I like to include life cycle or plant growth matching games to support the information being learned. You can visit my TPT store to buy a very inexpensive plant parts chart or look on Pinterst to be inspired to create your own. While you are there, check out the free downloadable file folder game with cute lady bugs. Very Spring-y!
The butterfly life cycle above is a TOTALLY FREE printable from Preschoolmom.com. Here you will find many free printables for your Spring manipulative or science center! We love FREE materials and are always very grateful!
How wonderful the fresh air is this time of year. We can truly appreciate being outdoors – what a sensory experience it is after being indoors so much. The children love to observe that the birds are chirping more, and many varieties have returned to their summer home. Who can spot the first robin?
The tiny buds are visible on the tree branches and flowers such as crocus and daffodils are poking up out of the cold ground. Hallelujah! Below is a picture of something I hope to have one day. How fun and enriching it would be to have a little raised garden like this, in which to play and explore.
Do you take your preschoolers outside when it is raining? We usually do not. However, if the weather is not too cold, I would consider it after reading this blog Let the Children Play. So many fun ideas and good explanations about why this can be beneficial. I also just participated in a webinar about outdoor spaces and outdoor play that touted similar philosophies. I am willing to give it a try. I would love to hear from you on this idea!
HAPPY SPRING! I can not say that enough. After a very long, snowy and unusually cold winter here – we are certainly looking forward to all promises of Spring. Our preschoolers have had to endure basically eight weeks of indoor recess. We are all very ready for lovely shades of green shamrocks and colorful rainbows.
Shamrocks are fun to make in many different ways. Above you can see how we used a green pepper sliced in half, hollowed out, and dipped in green paint. Simple fun. Today I saw in a couple of different places how you can use wine corks taped together. I think we will try this! This example is from “Omaha Area Kiddie Fun.”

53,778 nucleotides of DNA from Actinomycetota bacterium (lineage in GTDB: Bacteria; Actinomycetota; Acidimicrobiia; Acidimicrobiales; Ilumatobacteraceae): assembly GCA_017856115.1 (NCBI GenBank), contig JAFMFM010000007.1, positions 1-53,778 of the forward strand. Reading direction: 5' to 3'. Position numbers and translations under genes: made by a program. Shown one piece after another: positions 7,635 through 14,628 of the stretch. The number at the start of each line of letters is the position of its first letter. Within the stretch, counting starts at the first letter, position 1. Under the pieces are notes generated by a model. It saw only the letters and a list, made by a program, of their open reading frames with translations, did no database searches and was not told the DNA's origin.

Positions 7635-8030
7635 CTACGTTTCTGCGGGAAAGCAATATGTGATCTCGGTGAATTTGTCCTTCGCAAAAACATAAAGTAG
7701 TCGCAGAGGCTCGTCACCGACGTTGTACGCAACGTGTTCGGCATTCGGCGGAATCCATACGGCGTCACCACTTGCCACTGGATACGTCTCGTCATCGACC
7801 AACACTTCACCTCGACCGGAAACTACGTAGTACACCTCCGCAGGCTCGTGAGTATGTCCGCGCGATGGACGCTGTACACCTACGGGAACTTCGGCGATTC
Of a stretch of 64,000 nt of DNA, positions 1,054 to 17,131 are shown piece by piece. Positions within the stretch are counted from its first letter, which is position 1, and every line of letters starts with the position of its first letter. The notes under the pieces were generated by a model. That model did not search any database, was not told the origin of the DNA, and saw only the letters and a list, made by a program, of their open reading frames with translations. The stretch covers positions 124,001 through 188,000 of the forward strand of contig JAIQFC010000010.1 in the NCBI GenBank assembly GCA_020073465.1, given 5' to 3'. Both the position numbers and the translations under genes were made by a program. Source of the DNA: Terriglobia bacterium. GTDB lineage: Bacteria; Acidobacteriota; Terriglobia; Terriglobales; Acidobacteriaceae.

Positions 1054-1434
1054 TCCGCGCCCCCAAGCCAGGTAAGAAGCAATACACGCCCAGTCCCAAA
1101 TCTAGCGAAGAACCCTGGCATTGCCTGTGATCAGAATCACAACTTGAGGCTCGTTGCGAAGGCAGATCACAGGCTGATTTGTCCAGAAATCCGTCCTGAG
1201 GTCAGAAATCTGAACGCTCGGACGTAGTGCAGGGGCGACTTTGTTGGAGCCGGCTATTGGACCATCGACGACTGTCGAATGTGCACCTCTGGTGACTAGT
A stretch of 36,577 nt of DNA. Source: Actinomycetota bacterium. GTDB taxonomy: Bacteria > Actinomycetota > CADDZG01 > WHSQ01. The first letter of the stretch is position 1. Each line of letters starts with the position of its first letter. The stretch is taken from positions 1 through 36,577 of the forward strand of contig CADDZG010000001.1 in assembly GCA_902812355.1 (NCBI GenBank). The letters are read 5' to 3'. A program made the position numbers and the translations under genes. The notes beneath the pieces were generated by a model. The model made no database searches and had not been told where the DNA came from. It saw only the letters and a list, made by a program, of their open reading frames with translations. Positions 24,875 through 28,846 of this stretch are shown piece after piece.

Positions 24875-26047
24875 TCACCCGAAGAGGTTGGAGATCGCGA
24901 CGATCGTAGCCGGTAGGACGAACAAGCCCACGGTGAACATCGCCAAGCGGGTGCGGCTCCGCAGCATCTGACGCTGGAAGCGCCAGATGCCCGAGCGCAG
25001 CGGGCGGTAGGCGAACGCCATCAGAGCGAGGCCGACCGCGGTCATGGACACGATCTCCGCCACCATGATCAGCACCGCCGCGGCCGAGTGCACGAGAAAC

We all love free things that we can use in the classroom. Here is a link to an awesome matching game. We use this every year around this time. It can be used as a small group activity or in your math center. In fact, ours is worn out – time to make a new one! Visit “Preschool Printables” for your very own copy 🙂 Here is an example of shamrock cookie cutter printing from “In Lieu of Preschool” check out the page, there are many good ideas.
Of course there are so many other good ideas. Please share your good ideas in the reply box below! I love to hear new ideas.
Ah the magical rainbows, so much inspiration for great preschool activities. To the right you can see a simple reverse painting roller art project. First I cut shapes out of clear shelf liner. Peel the backing off and lay lightly onto a large piece of roll paper. If you rub a bit of the adhesive off on your pant leg first it helps when you go to peel it off later. I like to put several shapes scattered about the paper. Then mix up some pastel colors and let the children roll away! Once it dries, carefully peel off the shelf liner and voila!
Here is an easy yet engaging rainbow color matching game from “Pink and Green Momma.” Great for a table activity or your math center. Rainbow rice, rainbow play dough, rainbow paints at the easel all carry the theme throughout your classroom.
Above you can see an activity using a styrofoam square ( we love to reuse things right?!) and simple colored chenille wires with large wooden beads. I can’t remember where I first saw this (to give credit) but it is a very fun activity and the children enjoyed experimenting.
Wishing you a magical March…think Spring (March 20th) I for one can’t wait!